# Twice-differentiable functions proof

Let $f$ be a twice-differentiable function from R to R. Show that if whenever $$f'(c)=\frac{f(b)-f(a)}{b-a}$$ then $c=\frac{a+b}{2}$, it must be true that $f$ is a quadratic polynomial.

This is a question on my homework, and I'm a bit stuck. It's obvious that quadratic polynomials are twice-differentiable. I'm thinking the Mean Value Theorem might be involved, but not sure.

Can anyone give me an tips on how to do this?

Thanks.

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@wj32 That's a good reference, but I see a problem in the proof. In Lemma 2, they say that if $a$ and $b$ are good, then $\frac{a+b}2$ is good, but by their definition, that means that $g'(\frac{a+b}2)=0$ and $g(\frac{a+b}2)=c$. They reference Lemma 1 to claim this, but that only proves that $g'(\frac{a+b}2)=0$, not $g(\frac{a+b}2)=c$. –  Mario Carneiro Dec 11 '12 at 0:17

The first thing to prove is that $f'(\frac{a+b}2)=\frac{f(b)-f(a)}{b-a}$, because this was not actually given as an assumption. However, it follows easily from the Mean Value Theorem, which shows that this is true for some $c\in(a,b)$, and the assumption allows us to conclude that $c=\frac{a+b}2$.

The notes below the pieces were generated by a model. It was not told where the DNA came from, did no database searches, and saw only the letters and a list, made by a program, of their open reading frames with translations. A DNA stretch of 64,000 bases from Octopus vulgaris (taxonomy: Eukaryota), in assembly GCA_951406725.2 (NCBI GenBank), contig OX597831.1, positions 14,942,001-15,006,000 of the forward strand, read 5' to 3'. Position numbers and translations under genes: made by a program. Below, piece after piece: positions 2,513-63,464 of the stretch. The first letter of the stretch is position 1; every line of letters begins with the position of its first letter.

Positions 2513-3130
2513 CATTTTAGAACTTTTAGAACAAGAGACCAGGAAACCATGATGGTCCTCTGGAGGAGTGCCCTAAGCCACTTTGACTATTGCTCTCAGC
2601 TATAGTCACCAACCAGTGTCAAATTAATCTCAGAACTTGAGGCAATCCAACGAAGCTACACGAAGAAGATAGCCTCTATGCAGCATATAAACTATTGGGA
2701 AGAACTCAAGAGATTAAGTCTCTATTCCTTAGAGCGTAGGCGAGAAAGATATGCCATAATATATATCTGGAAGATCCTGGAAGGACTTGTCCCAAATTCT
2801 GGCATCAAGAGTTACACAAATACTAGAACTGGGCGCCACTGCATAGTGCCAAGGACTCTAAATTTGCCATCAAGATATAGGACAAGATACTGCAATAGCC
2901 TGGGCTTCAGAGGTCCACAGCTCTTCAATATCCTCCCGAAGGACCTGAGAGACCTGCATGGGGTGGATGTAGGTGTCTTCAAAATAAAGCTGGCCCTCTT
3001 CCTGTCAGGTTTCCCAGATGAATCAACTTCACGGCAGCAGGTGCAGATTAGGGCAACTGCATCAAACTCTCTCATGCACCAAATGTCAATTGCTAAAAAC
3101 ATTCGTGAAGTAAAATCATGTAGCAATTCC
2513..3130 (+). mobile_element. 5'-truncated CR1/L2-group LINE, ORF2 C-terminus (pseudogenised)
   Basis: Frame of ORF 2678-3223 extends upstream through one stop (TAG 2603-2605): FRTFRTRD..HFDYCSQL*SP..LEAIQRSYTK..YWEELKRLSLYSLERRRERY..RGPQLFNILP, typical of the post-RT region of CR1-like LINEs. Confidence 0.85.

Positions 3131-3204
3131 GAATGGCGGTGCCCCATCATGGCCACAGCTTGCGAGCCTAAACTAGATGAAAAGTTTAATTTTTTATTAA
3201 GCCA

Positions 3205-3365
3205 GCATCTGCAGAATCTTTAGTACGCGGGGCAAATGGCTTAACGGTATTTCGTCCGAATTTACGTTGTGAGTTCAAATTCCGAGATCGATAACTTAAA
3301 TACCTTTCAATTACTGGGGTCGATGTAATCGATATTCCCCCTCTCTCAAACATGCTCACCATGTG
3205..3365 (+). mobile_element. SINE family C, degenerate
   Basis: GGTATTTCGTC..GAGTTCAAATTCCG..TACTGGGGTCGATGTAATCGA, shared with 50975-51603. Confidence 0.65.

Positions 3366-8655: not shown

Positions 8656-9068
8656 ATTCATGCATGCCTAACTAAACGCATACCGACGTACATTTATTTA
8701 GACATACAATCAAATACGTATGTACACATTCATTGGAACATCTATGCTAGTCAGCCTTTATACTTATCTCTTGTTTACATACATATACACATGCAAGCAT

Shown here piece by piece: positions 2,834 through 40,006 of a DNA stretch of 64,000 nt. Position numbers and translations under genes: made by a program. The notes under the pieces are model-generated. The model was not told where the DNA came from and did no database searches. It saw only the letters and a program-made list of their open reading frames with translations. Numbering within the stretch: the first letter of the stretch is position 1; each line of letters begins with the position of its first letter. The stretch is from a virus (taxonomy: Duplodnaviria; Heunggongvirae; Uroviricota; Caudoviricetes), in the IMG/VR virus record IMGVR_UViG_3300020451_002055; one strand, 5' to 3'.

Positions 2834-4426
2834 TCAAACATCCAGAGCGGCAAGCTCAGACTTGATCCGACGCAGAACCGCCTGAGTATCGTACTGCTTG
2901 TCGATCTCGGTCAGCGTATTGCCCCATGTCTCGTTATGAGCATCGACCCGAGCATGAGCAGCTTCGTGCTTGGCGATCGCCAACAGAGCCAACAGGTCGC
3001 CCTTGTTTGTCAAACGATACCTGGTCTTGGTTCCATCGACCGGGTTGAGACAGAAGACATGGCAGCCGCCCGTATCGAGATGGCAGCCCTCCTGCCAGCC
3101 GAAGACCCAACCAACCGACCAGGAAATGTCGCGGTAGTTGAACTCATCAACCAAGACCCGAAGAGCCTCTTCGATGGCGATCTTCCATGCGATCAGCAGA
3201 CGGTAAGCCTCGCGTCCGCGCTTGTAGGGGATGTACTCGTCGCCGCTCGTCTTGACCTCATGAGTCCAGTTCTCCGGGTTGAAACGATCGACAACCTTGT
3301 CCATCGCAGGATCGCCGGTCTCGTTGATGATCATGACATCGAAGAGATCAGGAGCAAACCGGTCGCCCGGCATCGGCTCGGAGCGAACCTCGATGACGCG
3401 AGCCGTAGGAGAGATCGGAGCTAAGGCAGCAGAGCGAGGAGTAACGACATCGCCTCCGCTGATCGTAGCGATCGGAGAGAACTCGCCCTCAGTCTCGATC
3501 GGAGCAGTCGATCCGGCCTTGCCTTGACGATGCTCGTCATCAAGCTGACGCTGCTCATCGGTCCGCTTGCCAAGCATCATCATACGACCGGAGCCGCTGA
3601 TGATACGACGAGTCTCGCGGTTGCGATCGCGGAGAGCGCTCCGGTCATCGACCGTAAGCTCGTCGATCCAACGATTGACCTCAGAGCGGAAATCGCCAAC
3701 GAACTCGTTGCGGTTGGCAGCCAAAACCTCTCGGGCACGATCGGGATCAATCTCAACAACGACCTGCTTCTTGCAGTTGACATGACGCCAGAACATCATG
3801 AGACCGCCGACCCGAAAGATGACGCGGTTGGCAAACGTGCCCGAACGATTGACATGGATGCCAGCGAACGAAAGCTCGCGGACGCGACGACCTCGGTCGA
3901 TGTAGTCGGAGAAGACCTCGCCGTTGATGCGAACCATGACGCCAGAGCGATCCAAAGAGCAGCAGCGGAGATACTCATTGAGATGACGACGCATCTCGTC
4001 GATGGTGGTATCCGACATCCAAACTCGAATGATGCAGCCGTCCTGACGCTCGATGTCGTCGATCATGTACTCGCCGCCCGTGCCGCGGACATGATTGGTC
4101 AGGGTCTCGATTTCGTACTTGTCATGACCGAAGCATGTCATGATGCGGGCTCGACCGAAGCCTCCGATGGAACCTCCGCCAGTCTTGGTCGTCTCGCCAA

One simple thing to note is that $$f'(0)=\frac{f(x)-f(-x)}{2x},$$ so if $g(x)=f(x)-xf'(0)$, then $$g(x)-g(-x)=f(x)-f(-x)-2f'(0)x=0,$$ so $g(x)$ is even. More generally, for all $a,b,c\in\mathbb R$, $$(c+b)(f(a+c)-f(a+b))=(c-b)(f(a+c+b)-f(a))$$ from a similar argument. Not sure if that helps, though.

Edit: Since $f(x)$ is twice differentiable, we can differentiate $2xf'(c)=f(c+x)-f(c-x)$ w.r.t. $x$ to get

$$2f'(c)=f'(c+x)-f'(c-x)$$ $$0=f''(c+x)-f''(c-x)$$

So if we let $c=x$, we get $f''(2x)=f''(0)$ whence $f''$ is constant and $f$ is quadratic.

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Thank you. For the first part, I'm a little confused as to how you applied the MVT. Because the theorem states that there exists a $c$ in the domain, but how do I know that $c=\frac{a+b}{2}$? –  A A Dec 10 '12 at 6:33
The theorem asserts the existence of some $c$ that satisfies the equation, and your assumption (the problem statement) asserts that if any $c$ exists satisfying the equation, it must be equal to $\frac{a+b}2$. –  Mario Carneiro Dec 10 '12 at 6:36
Thanks, I will work with it and try to figure things out. –  A A Dec 10 '12 at 7:12
@AA see if this latest edit helps you. –  Mario Carneiro Dec 13 '12 at 7:48